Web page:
India is a linguist’s paradise. Hundreds, if not thousands, of languages, thrive and co-exist here. The country has 22 official languages, including Hindi and English. Unofficially, the number of other languages is at least 121, and a thousand other dialects. Sounds chaotic, but here’s the thing about this amazing country – the only way to understand India is to acknowledge that there are multiple Indias.
Visitors discover different versions of India every hundred kilometers – from the language people speak and the food they eat to where they live. Diversity is a part of India’s ethos. Despite the dizzying differences, Indians are united by national pride. It’s what makes the country one of the most fascinating and welcoming places in the world.
A Temple Devoted to Rats
The state of Rajasthan is everything one imagines India to be – expansive deserts, camel safaris, forts, and palaces. The state also contains decidedly more offbeat and strange attractions, such as the Karni Mata Temple. This temple in Bikaner is devoted to rats! Over a thousand rats call the temple home, which is surprisingly clean and well-maintained despite it.
Pilgrims visit the temple in droves to pay their respects. The story? Goddess Karni Mata of the Charan clan was revered in her community. She lived till she was 150 years old, never aging visibly, and after she died, she came back as a rat. Her followers believe they, too, will become rats when they die, and similarly, every time a rat dies, it comes back as a human in the next life.
The Skeleton Lake
The Roopkund Lake is a glacial lake in the Himalayas, popular among trekkers for its beautiful trails. It is also infamous as the “Skeleton Lake.” An Indian official discovered hundreds of human skeletons scattered around the lake in 1942. Who were these people? And how did 800 people meet their end at the lake? No definite answers still.
Some historians believe these may have been soldiers or traders traveling on the Silk Road, but the more established theory is that a group of pilgrims encountered a terrible hailstorm and lost their lives there. You won’t find any skeletons at the lake today. Trekkers and story chasers still visit this hauntingly beautiful lake, regardless.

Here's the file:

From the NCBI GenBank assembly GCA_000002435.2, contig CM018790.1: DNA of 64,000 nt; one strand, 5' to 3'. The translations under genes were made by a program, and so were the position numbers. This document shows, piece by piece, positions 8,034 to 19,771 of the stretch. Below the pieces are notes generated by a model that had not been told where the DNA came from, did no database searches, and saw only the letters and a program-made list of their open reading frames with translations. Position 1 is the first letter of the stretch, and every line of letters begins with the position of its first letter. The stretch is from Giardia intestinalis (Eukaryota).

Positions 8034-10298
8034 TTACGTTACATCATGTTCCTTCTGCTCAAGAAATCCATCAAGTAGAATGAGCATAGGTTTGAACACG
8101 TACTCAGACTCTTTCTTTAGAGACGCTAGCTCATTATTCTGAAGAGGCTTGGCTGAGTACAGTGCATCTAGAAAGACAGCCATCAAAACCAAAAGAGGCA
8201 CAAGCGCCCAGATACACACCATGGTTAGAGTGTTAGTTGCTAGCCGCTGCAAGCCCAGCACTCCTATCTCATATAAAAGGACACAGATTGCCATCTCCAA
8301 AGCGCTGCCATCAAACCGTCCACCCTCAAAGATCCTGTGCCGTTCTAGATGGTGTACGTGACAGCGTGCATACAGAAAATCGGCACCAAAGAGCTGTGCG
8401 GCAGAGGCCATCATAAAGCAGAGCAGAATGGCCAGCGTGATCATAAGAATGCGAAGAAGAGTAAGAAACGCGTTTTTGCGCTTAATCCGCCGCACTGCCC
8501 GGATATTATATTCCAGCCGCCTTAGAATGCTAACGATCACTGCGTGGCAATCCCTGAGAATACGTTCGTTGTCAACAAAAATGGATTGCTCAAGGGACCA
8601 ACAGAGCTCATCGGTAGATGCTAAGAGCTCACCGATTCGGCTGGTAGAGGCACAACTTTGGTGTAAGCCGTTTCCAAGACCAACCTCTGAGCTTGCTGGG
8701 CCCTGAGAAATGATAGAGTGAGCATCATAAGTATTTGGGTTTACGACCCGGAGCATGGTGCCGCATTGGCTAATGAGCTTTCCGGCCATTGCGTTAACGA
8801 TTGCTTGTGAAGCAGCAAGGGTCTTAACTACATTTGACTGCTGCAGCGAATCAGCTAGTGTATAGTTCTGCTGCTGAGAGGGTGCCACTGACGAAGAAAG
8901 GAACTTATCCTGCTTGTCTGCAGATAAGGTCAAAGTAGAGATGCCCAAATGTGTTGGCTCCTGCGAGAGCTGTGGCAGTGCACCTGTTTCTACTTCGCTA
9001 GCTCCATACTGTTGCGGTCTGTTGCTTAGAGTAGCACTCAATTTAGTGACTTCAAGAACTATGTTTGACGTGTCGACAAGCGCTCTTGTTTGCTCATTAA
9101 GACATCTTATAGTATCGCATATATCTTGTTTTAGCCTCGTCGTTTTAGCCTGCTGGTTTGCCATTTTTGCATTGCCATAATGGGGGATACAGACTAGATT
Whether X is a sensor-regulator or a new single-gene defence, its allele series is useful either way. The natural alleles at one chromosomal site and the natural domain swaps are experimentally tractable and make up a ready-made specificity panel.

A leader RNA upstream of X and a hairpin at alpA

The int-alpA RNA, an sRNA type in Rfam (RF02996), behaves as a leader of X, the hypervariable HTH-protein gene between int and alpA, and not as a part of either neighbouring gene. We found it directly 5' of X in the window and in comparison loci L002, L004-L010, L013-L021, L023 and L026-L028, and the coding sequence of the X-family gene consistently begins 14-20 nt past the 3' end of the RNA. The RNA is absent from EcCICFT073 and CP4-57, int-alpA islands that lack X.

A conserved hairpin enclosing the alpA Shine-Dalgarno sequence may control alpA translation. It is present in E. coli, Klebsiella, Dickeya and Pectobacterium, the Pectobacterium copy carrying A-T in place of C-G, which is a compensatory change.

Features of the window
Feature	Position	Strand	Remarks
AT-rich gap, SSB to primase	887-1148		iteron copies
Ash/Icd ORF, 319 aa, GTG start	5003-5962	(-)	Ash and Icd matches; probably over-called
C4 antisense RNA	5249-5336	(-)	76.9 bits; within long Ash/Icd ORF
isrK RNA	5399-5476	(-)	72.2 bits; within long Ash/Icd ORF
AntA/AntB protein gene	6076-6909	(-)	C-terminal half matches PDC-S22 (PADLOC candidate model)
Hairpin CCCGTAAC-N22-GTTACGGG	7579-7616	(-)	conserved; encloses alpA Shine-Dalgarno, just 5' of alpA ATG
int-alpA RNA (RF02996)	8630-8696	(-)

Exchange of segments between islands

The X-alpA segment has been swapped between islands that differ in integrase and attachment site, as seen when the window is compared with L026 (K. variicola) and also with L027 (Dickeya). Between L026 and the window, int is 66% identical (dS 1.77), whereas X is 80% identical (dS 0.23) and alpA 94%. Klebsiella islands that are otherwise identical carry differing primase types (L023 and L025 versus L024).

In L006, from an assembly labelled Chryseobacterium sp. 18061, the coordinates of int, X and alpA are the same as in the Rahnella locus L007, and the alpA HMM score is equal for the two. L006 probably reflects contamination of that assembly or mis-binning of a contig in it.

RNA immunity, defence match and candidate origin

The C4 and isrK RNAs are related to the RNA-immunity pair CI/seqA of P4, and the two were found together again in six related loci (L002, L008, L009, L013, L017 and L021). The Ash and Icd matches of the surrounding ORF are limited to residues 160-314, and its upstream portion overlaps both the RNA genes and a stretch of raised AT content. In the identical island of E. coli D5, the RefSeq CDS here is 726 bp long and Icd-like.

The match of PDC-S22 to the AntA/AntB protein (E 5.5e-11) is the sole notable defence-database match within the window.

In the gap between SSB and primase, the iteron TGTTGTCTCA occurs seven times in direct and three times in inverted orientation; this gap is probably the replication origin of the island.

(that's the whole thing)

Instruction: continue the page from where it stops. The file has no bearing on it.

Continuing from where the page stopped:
A Village Where People Keep Doors Unlocked, Literally And Figuratively
Shani Shingnapur is a village like no other. People here truly keep an open house, both literally and figuratively – their houses have no doors or locks. This unique practice stems from their faith in the god Shani who represents justice, and the villagers believe he will always protect the village. Their faith in him is so steadfast that even the village bank and post office have no security!
They must be doing something right because there hasn’t been a single theft since the village was established 400 years ago. It just goes to show how pockets of utopia can exist even today. Shani Shingnapur demonstrates what humans can achieve through trust, ownership, and the power of community.
A Meteor Created this Lake
Lonar Lake in Maharashtra is not ordinary as it contains fresh water and saltwater. What’s more, the lake stands inside a crater. J.E. Alexander discovered this natural wonder over 200 years ago. Since then, scientists have conducted reams of research and study to conclude that a massive meteor collision was responsible for forming the crater.
Water slowly filled the crater over time to form the stunning lake India knows and loves. Lonar Lake is today a Geo-heritage monument and the pride of Maharashtra, and it is home to a thriving ecosystem of lush forests, plants, and wildlife. It’s the perfect location for those with a passion for nature, history, and geology.